Damaging though it is, the lack of substantiation for gianduia’s early nineteenth century invention might not be fatal to the theory. (Absence of evidence is not evidence of absence.) However, several strong circumstantial arguments also militate against that dating.
Those who have claimed an early nineteenth century invention of gianduia dwell on the scarcity of cacao in Piedmont due to the Continental System, but with nary a mention of sugar—a necessary component of gianduia, often in even greater quantities than cacao mass. For most of the duration of the Continental System, there were no neutral sources of sugar, leaving the Continent dependent on imports from French and Spanish colonies. The threat posed by the British navy to merchant vessels trading under the flags of France and its allies forced France to rely on neutral shipping—chiefly American—for sugar. America’s willingness to conduct neutral trade with France contributed to the British Orders in Council of 1807, dragging the United States more fully into the escalating trade imbroglio, further disrupting the flow of sugar to the Continent (1).
As with cacao, prices for sugar skyrocketed for France and its allies. From 1810 to 1812 alone, there was a one-third increase in Paris sugar prices—from 8 to 12 francs per kilogram, while the London prices for sugar of the highest grade in the corresponding years were 1.35 and 2 francs per kilogram (2). As with cacao, customs rates on sugar steadily increased, from 30 and 45 francs per 100 kilograms (from French or foreign colonies, respectively) in 1802 to their peak under the Trianon Tariff in 1810 of 300 francs, regardless of source, reflecting the presumption of smuggling (3). The trade war hit Italy even harder, almost completely suspending the supply of cane sugar and raising prices prohibitively (4).
Apart from supply and cost issues, throughout the nineteenth century (and well into the twentieth) the Italian peninsula routinely consumed far less sugar on a per capita basis than the rest of Europe (5). Sugar only came into its own in common Piedmontese confectionery (outside the privileged class surrounding the Savoyard court) in the latter half of the 1800s, well after the collapse of the Continental System (6).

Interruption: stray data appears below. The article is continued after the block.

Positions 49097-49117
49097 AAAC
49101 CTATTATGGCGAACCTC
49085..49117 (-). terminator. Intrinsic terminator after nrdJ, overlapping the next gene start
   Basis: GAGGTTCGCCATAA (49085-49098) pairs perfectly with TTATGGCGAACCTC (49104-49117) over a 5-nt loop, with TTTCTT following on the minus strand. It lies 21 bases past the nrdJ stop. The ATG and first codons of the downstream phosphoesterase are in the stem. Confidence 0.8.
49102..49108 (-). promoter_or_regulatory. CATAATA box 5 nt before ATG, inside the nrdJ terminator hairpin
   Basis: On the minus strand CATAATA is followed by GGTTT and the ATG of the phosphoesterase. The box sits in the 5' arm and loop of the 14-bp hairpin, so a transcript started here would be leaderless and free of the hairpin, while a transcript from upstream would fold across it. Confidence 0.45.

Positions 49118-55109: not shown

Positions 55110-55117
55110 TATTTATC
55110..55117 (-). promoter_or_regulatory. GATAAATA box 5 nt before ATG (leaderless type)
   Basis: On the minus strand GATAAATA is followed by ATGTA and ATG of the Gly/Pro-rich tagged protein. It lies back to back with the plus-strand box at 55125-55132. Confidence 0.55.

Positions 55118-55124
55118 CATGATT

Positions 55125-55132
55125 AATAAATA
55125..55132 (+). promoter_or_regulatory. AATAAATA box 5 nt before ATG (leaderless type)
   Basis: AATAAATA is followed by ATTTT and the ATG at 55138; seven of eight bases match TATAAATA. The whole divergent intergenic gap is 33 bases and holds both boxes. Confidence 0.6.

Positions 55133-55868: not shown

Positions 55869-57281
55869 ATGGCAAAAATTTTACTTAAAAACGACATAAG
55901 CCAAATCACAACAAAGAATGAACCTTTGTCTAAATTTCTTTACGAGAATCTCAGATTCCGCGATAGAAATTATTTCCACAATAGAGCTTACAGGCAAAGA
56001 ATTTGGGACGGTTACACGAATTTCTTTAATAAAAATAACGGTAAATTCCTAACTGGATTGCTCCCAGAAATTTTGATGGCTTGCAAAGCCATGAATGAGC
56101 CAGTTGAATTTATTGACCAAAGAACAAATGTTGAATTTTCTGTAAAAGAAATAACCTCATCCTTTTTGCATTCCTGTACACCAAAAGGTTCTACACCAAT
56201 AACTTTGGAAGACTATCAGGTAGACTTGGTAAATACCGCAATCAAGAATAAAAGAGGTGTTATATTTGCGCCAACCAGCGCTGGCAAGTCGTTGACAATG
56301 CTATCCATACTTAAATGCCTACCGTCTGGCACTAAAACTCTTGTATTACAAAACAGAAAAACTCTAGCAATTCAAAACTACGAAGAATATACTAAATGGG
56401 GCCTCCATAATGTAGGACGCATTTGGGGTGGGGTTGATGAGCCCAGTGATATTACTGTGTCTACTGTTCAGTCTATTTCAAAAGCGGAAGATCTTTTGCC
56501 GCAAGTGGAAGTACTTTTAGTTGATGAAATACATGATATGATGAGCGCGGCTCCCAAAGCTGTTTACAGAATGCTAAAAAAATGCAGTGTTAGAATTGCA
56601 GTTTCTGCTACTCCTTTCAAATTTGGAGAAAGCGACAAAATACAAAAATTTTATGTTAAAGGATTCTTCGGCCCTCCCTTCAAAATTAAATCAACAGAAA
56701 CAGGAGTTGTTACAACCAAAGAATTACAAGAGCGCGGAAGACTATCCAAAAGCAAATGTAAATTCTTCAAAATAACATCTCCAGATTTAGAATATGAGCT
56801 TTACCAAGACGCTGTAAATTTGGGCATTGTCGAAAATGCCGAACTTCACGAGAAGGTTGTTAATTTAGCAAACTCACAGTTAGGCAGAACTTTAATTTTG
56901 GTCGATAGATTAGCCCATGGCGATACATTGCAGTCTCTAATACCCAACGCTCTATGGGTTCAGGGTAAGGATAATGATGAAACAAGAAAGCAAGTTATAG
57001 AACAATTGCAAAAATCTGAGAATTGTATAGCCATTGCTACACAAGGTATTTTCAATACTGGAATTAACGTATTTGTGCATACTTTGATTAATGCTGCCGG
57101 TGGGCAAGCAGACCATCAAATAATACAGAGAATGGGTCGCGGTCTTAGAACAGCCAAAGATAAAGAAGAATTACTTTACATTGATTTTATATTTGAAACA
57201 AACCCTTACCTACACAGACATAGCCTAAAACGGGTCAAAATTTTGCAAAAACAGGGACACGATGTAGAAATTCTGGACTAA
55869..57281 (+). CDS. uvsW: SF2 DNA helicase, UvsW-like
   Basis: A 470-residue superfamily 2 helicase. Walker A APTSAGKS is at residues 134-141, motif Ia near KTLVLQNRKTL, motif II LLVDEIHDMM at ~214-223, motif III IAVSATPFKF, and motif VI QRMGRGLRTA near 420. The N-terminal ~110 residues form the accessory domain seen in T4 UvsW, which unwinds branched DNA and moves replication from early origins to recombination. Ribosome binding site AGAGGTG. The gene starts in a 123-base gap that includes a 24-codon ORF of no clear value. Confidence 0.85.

Unlike cacao, sugar was used for a variety of foodstuffs, not only for flavor, but as a preservative (7). With other established uses, sugar could not be employed in confections in substantial quantities. Scarcity (due to short supply, as well as competing demand) and costliness of sugar under the Continental System would have posed an even greater problem than cacao prices and availability.
Compounding the problem of sugar shortages, it is doubtful that chocolate-making technology in Piedmont during the Continental System would be adequate for gianduia production (8).
For more than two hundred years after Europeans’ first encounter with chocolate, cacao seeds were ground as they had been in Mesoamerica for centuries before—by hand, between a heated, curved stone base (metate) and a stone muller (metlapil or mano). Vanguard efforts with water-, steam-, and even mule-driven equipment commenced in the late eighteenth century in America, France, and Spain, though the technology was far from prevalent until the mid- to late nineteenth century (9).
However, in the early nineteenth century, “Most Italian and French chocolate was made by workers standing at heated stone tables, producing up to 20 kilos a day, and wastefully boiling chocolate liquor to extract cocoa butter” (10). With respect to newer machinery, the Coes refer to “the Catholic countries of the Mediterranean” as “largely backwaters as far as such innovations went” (11).
The traditional device for combining cacao mass, hazelnuts, and sugar into gianduia has been a mélangeur (or miscelatore)—most often a vat-like machine with a rotating granite bed (often heated by water or steam to melt the cocoa butter) with large granite grinding wheels mounted above. As the bed rotates, the wheels turn, grinding the cacao nibs along with sugar and hazelnuts into a smooth, homogeneous paste. (Later, refiners came into use, allowing further reduction of particle size.)